18 May 2021

Give Me Back My Music, You Damn Romantic

McKenzie Wark
The Beach Beneath the Street (2011)

p. 106—music as the highest Romantic art; and Romanticism as the Dionysian opposite of classicism

Both taxonomies are trite, but I'd never considered them together, which places music precisely where polite Bourgie non-culture places it: unclaimed, mercurial, ultimately not to be trusted. As just one half of a dialectical pair (Apollonian-Dionysian), music is also incomplete, in need of grounding.

Incidentally, it is hard not to notice the complete absence of musicians in the SI and subsequent accounts of it, as well as similarly scant mention of music in SI theoretical statements. I suspect this has nothing to do with its Dionysian nature and much more to do with the Apollonian side of music's internal technical dynamics which the established mythology has reduced away.

Added Later: music CAN be just about perfectly balanced in the Ap.-Dion. respect. If anyone cares to pursue this. Probably true of all the arts. So, music pre- and post-dates Romanticism, but the Romantics get to claim it for their ends, and no one else's. Not productive! Music could, via a one-sided account, be posited as the ultimate Romantic art; but Romantics were hardly the ultimate musicians. In fact the opposite, strictly IMHO.

[from a post-it, 2017]
[the passage:]
The classical assumes a legitimate order, revealed by the light of the sun. God's in his heaven, the king's on his throne, all is right with the world. And what goes wrong can be rectified. Like Le Corbusier's plans, classicism favors the right angle and the straight line. It favors the form of the myth, in which order is destabilized, restored, legitimated. Its privileged medium is architecture. Its method is imitation. Everyone imitates the one above them in the social order, just as the king imitates God, and the whole social order imitates nature. Classical humor, from Molière to Sacha Baron-Cohen, ridicules failed attempts at imitation. In Molière's satirical attack on the Precious movement, provincial ladies shun some nobleman as beneath them, so these retaliate by having their grooms pretend to be Precious sophisticates. Hilarity ensues, but classical humor serves order.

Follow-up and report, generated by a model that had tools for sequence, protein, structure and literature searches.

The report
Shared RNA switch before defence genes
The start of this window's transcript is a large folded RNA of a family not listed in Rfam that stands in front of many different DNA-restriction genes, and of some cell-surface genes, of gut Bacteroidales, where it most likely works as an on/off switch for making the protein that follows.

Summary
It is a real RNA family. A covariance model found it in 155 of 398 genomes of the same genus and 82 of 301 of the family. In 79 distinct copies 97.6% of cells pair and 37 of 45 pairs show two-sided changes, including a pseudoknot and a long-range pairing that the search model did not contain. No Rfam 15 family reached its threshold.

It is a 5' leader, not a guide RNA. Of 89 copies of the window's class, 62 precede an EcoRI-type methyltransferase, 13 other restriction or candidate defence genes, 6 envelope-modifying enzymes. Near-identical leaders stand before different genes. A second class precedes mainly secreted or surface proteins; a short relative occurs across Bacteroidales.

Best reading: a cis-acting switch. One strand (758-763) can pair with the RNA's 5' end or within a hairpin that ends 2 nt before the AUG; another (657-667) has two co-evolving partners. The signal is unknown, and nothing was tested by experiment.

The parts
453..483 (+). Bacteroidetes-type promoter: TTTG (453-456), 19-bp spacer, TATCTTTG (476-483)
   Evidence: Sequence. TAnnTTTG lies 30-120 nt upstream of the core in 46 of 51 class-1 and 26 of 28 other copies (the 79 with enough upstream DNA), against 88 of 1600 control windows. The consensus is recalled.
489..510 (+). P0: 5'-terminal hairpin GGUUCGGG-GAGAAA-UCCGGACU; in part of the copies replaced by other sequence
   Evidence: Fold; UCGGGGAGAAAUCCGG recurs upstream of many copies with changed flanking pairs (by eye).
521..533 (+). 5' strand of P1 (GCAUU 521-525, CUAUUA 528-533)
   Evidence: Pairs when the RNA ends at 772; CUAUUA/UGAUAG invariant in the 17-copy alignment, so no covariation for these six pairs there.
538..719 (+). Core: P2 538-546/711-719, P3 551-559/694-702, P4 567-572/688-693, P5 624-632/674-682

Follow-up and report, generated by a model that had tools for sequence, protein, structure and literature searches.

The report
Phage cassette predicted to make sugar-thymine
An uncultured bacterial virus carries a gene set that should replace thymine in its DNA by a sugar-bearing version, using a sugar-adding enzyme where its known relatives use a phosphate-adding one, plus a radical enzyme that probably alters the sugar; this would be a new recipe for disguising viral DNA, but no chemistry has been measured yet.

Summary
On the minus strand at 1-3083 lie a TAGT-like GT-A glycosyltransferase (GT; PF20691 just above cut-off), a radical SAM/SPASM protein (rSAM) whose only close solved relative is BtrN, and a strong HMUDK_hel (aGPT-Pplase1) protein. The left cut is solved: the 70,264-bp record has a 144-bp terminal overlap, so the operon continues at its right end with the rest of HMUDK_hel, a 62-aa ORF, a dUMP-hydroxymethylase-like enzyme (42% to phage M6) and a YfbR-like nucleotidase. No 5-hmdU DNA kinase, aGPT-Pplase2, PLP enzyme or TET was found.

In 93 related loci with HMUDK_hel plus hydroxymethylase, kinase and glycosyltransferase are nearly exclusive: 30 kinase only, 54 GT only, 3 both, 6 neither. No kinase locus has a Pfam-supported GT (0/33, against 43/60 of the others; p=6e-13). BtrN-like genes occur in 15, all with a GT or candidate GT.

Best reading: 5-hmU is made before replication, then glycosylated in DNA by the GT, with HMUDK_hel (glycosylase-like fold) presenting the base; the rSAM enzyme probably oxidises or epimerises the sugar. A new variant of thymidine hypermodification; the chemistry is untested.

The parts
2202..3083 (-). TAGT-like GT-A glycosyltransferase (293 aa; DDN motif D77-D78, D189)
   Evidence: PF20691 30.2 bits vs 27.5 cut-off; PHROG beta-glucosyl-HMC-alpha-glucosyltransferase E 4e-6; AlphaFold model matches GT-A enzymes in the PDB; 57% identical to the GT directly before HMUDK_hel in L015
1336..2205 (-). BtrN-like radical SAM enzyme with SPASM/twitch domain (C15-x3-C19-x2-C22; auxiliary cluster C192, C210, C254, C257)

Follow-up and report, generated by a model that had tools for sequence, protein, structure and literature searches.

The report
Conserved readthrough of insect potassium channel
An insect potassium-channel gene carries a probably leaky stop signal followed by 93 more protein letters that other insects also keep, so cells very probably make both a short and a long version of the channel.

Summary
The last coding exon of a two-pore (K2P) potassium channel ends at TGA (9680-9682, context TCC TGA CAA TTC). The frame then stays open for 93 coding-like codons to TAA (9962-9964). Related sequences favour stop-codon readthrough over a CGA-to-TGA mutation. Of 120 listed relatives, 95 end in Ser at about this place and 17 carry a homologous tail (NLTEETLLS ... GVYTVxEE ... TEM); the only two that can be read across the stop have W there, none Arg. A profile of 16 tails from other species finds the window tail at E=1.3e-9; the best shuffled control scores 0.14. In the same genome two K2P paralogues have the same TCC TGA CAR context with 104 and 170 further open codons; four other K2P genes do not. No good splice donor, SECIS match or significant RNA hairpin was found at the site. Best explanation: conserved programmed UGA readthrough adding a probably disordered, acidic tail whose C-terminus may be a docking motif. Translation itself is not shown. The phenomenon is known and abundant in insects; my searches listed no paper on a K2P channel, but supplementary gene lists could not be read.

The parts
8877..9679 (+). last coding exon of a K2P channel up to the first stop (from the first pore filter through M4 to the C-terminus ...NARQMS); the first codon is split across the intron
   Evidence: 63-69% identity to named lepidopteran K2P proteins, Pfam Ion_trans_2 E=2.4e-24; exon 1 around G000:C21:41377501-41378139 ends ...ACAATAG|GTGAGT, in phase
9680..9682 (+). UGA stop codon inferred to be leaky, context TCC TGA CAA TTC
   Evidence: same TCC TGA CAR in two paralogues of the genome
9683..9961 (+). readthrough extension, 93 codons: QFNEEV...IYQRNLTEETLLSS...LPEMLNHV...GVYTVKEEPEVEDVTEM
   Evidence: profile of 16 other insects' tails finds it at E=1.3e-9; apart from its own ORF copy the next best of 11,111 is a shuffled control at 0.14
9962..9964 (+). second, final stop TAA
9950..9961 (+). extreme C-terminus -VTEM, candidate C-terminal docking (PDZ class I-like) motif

The romantic is a corrosive fluid that attacks the classical on every front. It is a refusal of obedience. It lurks in the dark, in the mist, within the eclipse. Time is out of joint. It favors the wave, the vibration, the curlicue. It mixes forms, detaches symbols from myths, and puts them in play against all that is legitimate. Its medium of greatest affinity is music. Its method is creation, which it claims as a human potential, not a divine attribute. For Lefebvre the romantic intersects with a certain strand of irony. Unlike Jorn he idolizes the achievements of the Greeks, not least Socratic irony, which is the undoing of any order of belief. The subjective irony of Socrates anticipates the objective irony of history, which sweeps order away in its aleatory currents.

1 comment:

Stefan Kac said...

Pierre Francastel
from "The Destruction of a Plastic Space"
Art History: An Anthology of Modern Criticism (1963)
ed. Wylie Sypher

"To have true creativity and a new plastic idiom, progress in thought and in technique must be concurrent. The romantic period gives us a typical instance of what can be done by a generation intoxicated with originality but having an imagination in advance of its means of execution."
(p. 386)